1. I love making chili, and eating it too.  I am not one for hot pepper hot; I prefer mustard- and radish-type hot.  But I do like the slow burn of a well made medium spice chili.  Feeling the sweat dripping of the forehead, watching my family’s faces turn deeper red by the minute, or watching my father-in-law’s bald spot do the same thing is just as good as watching someone’s tongue catching fire.

  2. I like chili, thick, with meat, beans and a
    bit on the hot side.  Am fascinated by all
    the different recipes which go under the name
    of Chili.  The one ingredient which I am
    struggling to understand is mushrooms.  Now
    I like mushrooms as well.  I like mustard and
    I like Oregon Blackberry Chesecake ice cream.
    However I do put mustard on my OBCC.

    Likewise I am at loss to see what mushrooms
    add to a chili.  Chili is spicy.  Mushrooms
    are suttle.  The flavor of the mushrooms get
    overpowered by the spices.

    Then there a many things I am not destined
    to understand.

  3. Texture, and visual impact, as much as anything.  To give you an idea, I also use a variety of beans… in this batch, the traditional Kidney beans… as well as Great Northerns… the red and white play well together, both taste wise and visually.

    I try to add elements that give both the high and the low…. the Mushrooms, as you suggest are the low end of flavor intensity… (though by using the Baby Bellas, I’m not so subtle as to reach into BLAND, really. ) The visual impact, though is quite a bit more than NOT putting them in. Perhaps you don’t understand; I’m not using them sliced… but whole… each ‘shroom is about the size of a quarter. Gives a really chunky look.
    Taste-wise, it adds a subtle earthy quality.

  4. I had an interesting cook book, Chili Nation. The
    book purported to indentify fifty different chili
    recipes, one for each state. Aside from starting
    with dry, whole chile peppers, then fifty different
    recipes seemed to have little in common. What was
    it Cincinatti chili which was served over noodles.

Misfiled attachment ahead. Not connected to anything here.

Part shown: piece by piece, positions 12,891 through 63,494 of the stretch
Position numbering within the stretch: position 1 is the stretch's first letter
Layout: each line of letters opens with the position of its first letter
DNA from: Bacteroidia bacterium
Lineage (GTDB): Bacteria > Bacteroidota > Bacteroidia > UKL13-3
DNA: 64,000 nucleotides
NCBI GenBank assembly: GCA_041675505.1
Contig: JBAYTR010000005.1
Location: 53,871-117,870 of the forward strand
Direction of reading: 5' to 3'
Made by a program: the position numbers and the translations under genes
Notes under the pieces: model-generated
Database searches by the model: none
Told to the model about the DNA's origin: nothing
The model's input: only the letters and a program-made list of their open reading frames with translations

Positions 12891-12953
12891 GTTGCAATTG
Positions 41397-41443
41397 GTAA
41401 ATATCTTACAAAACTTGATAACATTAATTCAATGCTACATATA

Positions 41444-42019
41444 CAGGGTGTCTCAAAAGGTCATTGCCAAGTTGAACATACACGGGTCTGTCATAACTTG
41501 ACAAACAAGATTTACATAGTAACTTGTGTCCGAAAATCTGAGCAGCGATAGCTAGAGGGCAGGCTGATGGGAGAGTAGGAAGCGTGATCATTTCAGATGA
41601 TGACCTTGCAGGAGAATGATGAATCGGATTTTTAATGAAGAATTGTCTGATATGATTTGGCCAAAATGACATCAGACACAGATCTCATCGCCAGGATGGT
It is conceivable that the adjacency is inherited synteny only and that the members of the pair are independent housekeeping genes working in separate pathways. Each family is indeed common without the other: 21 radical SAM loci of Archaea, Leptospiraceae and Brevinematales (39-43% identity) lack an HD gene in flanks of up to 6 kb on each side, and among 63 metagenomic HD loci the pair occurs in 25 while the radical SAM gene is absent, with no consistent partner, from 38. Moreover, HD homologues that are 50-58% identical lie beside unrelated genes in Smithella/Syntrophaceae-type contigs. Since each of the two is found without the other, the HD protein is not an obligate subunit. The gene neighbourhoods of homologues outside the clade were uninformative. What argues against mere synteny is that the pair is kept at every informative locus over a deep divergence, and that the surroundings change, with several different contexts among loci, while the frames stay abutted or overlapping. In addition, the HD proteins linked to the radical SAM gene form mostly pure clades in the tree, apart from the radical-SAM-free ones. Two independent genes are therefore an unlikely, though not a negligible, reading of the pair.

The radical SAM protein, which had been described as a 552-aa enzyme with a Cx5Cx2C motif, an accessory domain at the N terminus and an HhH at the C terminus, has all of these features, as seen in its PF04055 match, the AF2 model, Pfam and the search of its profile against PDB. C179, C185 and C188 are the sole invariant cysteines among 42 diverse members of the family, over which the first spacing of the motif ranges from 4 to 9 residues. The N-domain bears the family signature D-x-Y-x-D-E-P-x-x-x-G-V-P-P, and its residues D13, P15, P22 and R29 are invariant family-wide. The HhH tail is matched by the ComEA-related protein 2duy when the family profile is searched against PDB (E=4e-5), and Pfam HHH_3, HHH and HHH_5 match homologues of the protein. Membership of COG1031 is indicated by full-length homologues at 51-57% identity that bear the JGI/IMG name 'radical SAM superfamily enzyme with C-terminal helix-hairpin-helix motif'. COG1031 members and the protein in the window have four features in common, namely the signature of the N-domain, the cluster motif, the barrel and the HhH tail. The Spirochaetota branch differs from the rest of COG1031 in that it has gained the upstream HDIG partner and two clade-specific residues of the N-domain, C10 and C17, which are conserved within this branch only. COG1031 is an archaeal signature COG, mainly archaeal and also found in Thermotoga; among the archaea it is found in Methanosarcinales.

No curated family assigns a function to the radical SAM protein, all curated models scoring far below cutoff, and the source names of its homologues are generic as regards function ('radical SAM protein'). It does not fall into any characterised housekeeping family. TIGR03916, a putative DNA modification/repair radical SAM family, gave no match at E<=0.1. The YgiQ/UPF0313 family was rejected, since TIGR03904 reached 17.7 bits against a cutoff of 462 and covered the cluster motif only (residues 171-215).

It was said to what recult when the local Greek got
    hold the Texas recipes.

    As for chili, I kno9w how I like it. However there
    are as many ways to make chili as there are people
    who like chili. I do not pretend that there is one
    definitive way to make chili, and I claim no authority
    to deem any proper way to make chili. I know how I like
    my chili, and find it interesting to see other like their’s.

    I couple years ago, a few of us were doing Nordic Hot
    Dog Days at Cumming Nature Center. One remarked that
    the meat in the chili looked like venison. Could have
    been. Anyhow, we saw a cook, or well a guy with an apron
    and asked him about it. He said he didn’t know. Said there
    were seven cooks and each brought in a gallow nf chili. He
    wife made his batch and he didn’t know what she used. Volunteered
    that he venison in the freezer and his wife could have used
    the venison, but he didn’t know.

    So there you had seven gallons of chili, made by seven diffeent cooks
    and not one of whom knew the recipe. Good chili, and it was good skiing.
    If we get snow, I’ll be back next year.

  5. Well, really, that’s the beauty of it.  It never really comes out the same twice.  I’ll be honest; I have not used a recipe… exactly… in years.  A lot of times, I’ll tend to use whatever is left in the fridge.  Tomatoes from last night’s salad, onions from the burgers the night before, sometimes left over pork chops. Whatever’s handy. the trick is being able to adapt these ingredients into something that works.  Much the same as a musician would improvise, I’ve learned over the years to improvise with my cooking.  Surprisingly enough it generally works.

  6. Generally works! Sounds like a warning. Oh well.

    I thought was ever was left in the frig was Mulligan Stew, but then what do I know? I like the approach.